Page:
Reflection: “I-Ching” and “Soap” by Lu Xun
(1)After our class I had ample time to reflect on my meager attempt at a first response and have identified my two largest misinterpretations of the assigned reading; namely, the sexual symbolism of the soap in “Soap” and the hypocrisy of Kung I-Ching in “I-Ching.” (2) In my original response, I speculated that the sexual nature of the soap referred to the young boys berating the young beggar girl’s statement that she would be more sexually appealing after being washed down with soap, when it in fact refers more to Ssu-Min’s purchase of the aforementioned and subsequent deliverance of it to his spouse, which clearly masks a repressed sexual desire to instead wash and bed the young beggar girl he witnessed, an act that would have been deemed socially inappropriate due to the ongoing rejection of classical Chinese customs in alignment with the swiftly shifting political and cultural landscape. (3) When examining “I-Ching,” I shallowly interpreted Kung I-Ching’s harassment at the hands of the peasants that surrounded him as being an example of class warfare in China; In fact, this is much more symbolically representative of the fading power of the gentry during this time period namely due to their acquisition of the aforementioned through an education surrounding the teachings of Confucius, ideas that had become so outdated that even the peasants were apt to ridicule them.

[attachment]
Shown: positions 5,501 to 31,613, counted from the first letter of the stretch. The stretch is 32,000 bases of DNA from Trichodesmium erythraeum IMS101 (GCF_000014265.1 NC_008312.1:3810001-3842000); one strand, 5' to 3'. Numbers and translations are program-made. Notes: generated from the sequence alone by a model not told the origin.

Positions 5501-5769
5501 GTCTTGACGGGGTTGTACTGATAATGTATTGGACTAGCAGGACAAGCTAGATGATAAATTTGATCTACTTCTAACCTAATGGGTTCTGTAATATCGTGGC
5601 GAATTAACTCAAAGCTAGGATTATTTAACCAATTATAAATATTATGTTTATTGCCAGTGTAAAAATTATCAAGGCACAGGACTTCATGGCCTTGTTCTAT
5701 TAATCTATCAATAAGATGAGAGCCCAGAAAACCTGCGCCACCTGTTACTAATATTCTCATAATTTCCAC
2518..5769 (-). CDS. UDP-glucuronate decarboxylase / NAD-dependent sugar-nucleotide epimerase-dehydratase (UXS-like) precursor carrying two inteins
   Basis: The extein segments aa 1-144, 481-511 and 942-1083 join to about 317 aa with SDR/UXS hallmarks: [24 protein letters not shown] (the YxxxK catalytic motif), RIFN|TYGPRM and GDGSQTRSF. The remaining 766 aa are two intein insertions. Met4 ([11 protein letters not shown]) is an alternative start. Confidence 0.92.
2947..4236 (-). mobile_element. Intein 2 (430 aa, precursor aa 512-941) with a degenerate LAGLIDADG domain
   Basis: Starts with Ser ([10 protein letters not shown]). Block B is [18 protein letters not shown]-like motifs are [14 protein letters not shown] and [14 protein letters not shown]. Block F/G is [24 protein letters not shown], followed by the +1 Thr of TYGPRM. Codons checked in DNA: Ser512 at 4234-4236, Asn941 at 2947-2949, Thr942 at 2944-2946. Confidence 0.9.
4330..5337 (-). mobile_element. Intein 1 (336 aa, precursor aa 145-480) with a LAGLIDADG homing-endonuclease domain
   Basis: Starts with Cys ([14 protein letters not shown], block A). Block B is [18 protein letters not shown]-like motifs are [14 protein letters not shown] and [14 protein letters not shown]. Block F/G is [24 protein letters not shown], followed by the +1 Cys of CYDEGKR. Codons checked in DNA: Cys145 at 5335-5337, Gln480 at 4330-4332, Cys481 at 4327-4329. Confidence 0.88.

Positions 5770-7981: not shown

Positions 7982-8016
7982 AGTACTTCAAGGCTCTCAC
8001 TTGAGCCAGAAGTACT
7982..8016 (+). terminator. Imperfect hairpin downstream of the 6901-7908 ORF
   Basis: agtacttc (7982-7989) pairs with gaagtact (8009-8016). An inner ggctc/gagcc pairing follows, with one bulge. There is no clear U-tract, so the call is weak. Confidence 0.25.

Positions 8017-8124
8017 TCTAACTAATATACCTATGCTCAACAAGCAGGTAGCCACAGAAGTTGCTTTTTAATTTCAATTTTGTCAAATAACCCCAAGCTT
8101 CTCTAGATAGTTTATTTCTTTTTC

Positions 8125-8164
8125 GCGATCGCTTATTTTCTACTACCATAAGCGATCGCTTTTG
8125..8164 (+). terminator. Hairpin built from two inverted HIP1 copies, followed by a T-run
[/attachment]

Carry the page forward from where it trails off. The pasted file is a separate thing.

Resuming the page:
(4)The discussion in class that I found to be the most provocative was that surrounding the character of Ssu-Min and the beggar girl, specifically his repressed sexuality and how the changing times had designated his formerly acceptable desires into something that was admonished by the majority of society. (5) Putting this paradox in the context of Lu Xun’s educational background allows for a much greater degree of depth and insight into his condition. (6) Lu Xun had begun his adult life studying western medicine before deciding to pursue a writing...
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